I recently found the following articles on business valuation. They are short and well written, and perfect for business owners and advisors with general business knowledge such as financial planners, lawyers, and CPAs. If you are a business owner or business advisor interested in learning a little more about business valuation, check out these 5 articles.
Time to Sell a Small Business
Inc. Magazine, known for it’s list of the fastest-growing private companies, candidly answers the important question: How long does it take to sell a small business? In business valuation, this issue is referred to as marketability. A number of factors determine how long it will take a business to sell and all small businesses have some marketability issues. As the article points out, it can take a year from start to finish to sell a small business. In addition, the article covers steps an owner should take to prepare for a business sale transaction. Although the article is from 2016 and the world has changed a lot since then, many of the points are still valid.
Valuing a Small Business for Sale
Nerdwallet offers some very good pointers on small business valuation for buyers and sellers. This article offers a survey of methods of valuing small businesses, including brief explanations of SDE (seller’s discretionary earnings) and EBITDA (Earnings Before Interest, Taxes, Depreciation, and Amortization). Some of these points are more high level in nature, but it also gives an overview of the major methods used in business valuation.
Asset, Income, and Market Approaches to Business Valuation
There are three approaches to business valuation. They are the asset, income, and market approaches. The three articles below provide fairly detailed explanations of each approach. Business valuators use professional judgment to select the best approach or approaches when valuing your business. However, these articles can give you a good overview of each process.
First Republic Bank writes about the basics of the asset approaches. The asset approach is used when the asset value is higher than the earnings power value of the company. Sometimes this is called the floor value because if the business no longer functions the assets will be sold off. The article gives an overview of the approach and when it might be needed.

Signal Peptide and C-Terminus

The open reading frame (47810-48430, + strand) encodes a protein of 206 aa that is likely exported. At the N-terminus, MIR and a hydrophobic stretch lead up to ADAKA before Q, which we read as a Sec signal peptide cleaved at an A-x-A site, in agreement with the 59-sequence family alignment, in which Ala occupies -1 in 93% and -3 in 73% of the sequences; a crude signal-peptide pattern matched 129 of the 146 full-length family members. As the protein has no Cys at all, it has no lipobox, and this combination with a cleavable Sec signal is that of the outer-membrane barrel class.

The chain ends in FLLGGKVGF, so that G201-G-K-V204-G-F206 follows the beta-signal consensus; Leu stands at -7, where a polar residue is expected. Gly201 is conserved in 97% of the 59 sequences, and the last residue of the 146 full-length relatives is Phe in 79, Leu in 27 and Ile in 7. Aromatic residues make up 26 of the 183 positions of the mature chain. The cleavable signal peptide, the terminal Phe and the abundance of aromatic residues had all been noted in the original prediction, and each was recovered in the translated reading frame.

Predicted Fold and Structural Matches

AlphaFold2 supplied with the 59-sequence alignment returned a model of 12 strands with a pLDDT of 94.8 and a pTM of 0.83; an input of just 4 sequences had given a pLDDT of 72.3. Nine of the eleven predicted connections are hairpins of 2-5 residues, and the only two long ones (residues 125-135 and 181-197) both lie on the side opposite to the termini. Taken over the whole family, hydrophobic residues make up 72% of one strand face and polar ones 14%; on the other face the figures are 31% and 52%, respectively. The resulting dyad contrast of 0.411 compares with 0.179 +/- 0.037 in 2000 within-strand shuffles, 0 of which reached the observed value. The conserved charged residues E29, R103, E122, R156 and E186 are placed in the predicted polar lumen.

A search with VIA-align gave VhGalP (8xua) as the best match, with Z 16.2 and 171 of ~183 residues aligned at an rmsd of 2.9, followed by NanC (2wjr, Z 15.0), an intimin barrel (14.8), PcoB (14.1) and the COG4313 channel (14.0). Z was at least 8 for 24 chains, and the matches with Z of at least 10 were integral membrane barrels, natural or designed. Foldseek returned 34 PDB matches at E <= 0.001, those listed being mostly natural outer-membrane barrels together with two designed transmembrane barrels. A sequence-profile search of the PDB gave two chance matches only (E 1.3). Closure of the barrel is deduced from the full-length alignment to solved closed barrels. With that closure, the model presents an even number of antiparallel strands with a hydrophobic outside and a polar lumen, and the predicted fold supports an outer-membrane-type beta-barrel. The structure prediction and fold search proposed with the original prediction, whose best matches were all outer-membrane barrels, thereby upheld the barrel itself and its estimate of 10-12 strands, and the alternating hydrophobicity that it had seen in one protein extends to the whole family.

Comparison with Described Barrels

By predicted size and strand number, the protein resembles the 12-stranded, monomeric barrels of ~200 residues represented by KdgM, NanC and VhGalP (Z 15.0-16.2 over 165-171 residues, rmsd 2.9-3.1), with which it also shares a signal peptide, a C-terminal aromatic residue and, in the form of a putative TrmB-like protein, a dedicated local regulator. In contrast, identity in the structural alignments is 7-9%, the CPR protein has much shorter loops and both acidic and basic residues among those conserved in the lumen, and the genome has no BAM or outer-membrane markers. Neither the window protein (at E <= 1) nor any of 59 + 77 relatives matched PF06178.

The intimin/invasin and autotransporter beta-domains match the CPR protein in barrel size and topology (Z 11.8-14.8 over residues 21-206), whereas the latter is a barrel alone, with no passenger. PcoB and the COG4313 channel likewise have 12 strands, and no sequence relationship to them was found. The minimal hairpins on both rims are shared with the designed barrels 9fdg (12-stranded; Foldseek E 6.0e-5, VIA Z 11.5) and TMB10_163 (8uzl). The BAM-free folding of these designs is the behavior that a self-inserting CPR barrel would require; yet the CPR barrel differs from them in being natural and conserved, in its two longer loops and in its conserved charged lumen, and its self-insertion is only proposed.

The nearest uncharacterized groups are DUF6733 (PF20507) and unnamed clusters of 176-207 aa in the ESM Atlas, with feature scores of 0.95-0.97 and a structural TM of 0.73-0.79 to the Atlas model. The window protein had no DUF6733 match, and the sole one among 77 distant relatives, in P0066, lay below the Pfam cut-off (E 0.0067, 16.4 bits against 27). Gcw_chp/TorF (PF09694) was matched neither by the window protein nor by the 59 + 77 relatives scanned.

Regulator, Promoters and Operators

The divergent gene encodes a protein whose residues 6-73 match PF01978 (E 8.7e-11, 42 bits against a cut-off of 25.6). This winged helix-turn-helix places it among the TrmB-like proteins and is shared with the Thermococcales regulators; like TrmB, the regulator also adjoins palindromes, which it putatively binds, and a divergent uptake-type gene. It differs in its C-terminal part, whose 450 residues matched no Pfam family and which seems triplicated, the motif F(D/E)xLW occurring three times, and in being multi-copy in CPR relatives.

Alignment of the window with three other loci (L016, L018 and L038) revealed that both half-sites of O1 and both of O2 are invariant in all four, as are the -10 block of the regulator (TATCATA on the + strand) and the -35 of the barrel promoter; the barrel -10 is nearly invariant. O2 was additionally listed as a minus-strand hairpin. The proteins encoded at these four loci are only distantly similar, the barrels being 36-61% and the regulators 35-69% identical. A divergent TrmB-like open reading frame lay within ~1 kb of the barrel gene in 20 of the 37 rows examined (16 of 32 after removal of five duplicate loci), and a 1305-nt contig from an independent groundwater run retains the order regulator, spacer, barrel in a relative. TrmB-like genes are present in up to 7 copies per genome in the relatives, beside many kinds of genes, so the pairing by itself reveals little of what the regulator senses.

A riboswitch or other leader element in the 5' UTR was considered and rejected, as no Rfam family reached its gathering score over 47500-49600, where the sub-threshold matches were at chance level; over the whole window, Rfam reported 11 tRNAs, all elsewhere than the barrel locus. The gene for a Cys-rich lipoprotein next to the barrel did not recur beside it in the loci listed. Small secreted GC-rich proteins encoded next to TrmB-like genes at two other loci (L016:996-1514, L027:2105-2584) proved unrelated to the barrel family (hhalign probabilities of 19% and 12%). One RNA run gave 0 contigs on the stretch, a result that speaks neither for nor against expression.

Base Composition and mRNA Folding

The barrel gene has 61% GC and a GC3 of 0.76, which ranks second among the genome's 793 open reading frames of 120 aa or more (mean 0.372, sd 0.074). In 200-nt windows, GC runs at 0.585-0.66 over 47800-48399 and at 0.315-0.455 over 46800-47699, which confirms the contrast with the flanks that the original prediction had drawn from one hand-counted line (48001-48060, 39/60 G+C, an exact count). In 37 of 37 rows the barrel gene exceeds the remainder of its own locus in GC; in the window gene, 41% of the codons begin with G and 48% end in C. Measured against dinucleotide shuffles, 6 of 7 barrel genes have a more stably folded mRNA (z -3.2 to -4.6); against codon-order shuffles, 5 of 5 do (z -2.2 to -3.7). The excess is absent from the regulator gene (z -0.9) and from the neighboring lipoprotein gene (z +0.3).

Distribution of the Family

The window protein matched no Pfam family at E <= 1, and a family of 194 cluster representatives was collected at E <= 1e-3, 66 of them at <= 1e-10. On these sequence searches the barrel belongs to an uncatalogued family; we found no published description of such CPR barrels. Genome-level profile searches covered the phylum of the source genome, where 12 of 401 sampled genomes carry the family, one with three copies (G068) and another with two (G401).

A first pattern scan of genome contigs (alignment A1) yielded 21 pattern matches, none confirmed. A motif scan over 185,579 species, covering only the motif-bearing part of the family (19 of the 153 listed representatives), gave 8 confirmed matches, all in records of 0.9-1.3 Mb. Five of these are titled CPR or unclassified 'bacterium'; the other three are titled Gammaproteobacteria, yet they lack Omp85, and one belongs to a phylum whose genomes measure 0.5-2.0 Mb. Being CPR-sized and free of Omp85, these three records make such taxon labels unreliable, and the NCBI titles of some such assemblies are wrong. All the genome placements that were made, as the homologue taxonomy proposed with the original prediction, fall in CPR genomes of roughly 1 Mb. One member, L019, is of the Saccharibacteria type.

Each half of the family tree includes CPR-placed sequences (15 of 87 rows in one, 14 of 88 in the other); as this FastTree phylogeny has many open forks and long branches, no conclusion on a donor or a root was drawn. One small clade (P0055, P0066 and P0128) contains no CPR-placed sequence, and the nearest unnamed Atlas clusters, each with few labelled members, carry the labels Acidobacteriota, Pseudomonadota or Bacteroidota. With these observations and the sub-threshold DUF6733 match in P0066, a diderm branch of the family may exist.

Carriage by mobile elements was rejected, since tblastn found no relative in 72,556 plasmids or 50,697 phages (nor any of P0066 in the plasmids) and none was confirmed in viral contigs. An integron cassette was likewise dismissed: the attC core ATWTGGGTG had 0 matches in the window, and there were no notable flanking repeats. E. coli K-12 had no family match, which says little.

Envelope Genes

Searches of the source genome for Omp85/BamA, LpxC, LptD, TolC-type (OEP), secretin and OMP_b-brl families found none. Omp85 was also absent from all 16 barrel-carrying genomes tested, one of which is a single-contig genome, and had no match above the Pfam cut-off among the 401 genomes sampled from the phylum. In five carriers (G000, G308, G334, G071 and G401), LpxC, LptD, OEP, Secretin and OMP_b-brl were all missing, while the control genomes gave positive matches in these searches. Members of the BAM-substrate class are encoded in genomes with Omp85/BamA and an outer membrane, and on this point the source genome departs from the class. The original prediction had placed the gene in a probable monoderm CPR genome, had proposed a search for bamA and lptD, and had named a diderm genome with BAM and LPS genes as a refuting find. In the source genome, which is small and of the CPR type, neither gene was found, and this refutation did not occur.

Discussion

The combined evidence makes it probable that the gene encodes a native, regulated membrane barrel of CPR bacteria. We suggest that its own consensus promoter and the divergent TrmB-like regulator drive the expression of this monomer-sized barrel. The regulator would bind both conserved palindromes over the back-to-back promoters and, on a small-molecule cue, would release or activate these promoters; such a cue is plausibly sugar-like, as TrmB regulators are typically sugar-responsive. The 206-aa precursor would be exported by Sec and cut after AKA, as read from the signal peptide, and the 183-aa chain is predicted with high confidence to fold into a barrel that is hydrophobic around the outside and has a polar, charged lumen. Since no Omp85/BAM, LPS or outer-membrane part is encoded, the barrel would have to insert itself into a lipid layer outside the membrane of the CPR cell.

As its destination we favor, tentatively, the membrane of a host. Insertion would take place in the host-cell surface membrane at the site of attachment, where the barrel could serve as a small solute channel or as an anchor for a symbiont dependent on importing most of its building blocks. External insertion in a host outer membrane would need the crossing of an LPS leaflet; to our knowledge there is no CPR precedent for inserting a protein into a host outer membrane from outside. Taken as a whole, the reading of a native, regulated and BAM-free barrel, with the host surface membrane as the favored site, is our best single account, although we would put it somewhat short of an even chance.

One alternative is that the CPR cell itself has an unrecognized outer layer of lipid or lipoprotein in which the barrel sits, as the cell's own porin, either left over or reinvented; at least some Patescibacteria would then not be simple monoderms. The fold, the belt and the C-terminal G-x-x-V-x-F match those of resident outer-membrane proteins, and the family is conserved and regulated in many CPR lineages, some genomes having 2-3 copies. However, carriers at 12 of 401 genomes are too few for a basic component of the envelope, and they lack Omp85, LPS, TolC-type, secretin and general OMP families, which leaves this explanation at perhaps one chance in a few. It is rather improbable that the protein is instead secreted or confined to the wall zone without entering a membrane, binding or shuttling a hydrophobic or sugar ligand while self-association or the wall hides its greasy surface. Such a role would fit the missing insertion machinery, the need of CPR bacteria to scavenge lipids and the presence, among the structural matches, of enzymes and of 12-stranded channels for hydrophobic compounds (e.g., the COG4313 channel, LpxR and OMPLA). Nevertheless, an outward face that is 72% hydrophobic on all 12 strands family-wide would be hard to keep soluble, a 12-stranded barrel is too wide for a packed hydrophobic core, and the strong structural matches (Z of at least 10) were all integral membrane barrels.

In another post, First Republic Bank covers the income approaches. The income approach looks at the value of the business to an investor. In many cases this approach does not work well for very small businesses with values under $2,000,000. On the other hand, these are the most commonly used methods in business valuation. The article not only includes an explanation of the approach, but gives examples and basic calculations for the income approach.
Finally, the bank explains the market approach. The market approach is the most effective business valuation method for most businesses with a value under $2,000,000. This is the method most commonly used for very small business. Often with small businesses, the market approach provides the value to an owner/operator as opposed to an investor who has little to do with actual operations.
Professional Judgment is Key in Business Valuation
These are great primers on business valuation. But valuation and each of these methods require layers of professional judgment to review and adjust past cash flows and determine a likely future cash flow value. Then more judgment is required to select the correct capitalization rate or discount rate under the income methods or the correct market multiplier in order to estimate to most likely value. Besides judgment, quality data from established and reliable valuation data providers is essential for small business valuation. Certainly you may perform your own rough estimate but it is always advisable to have an experienced valuation professional value your business.
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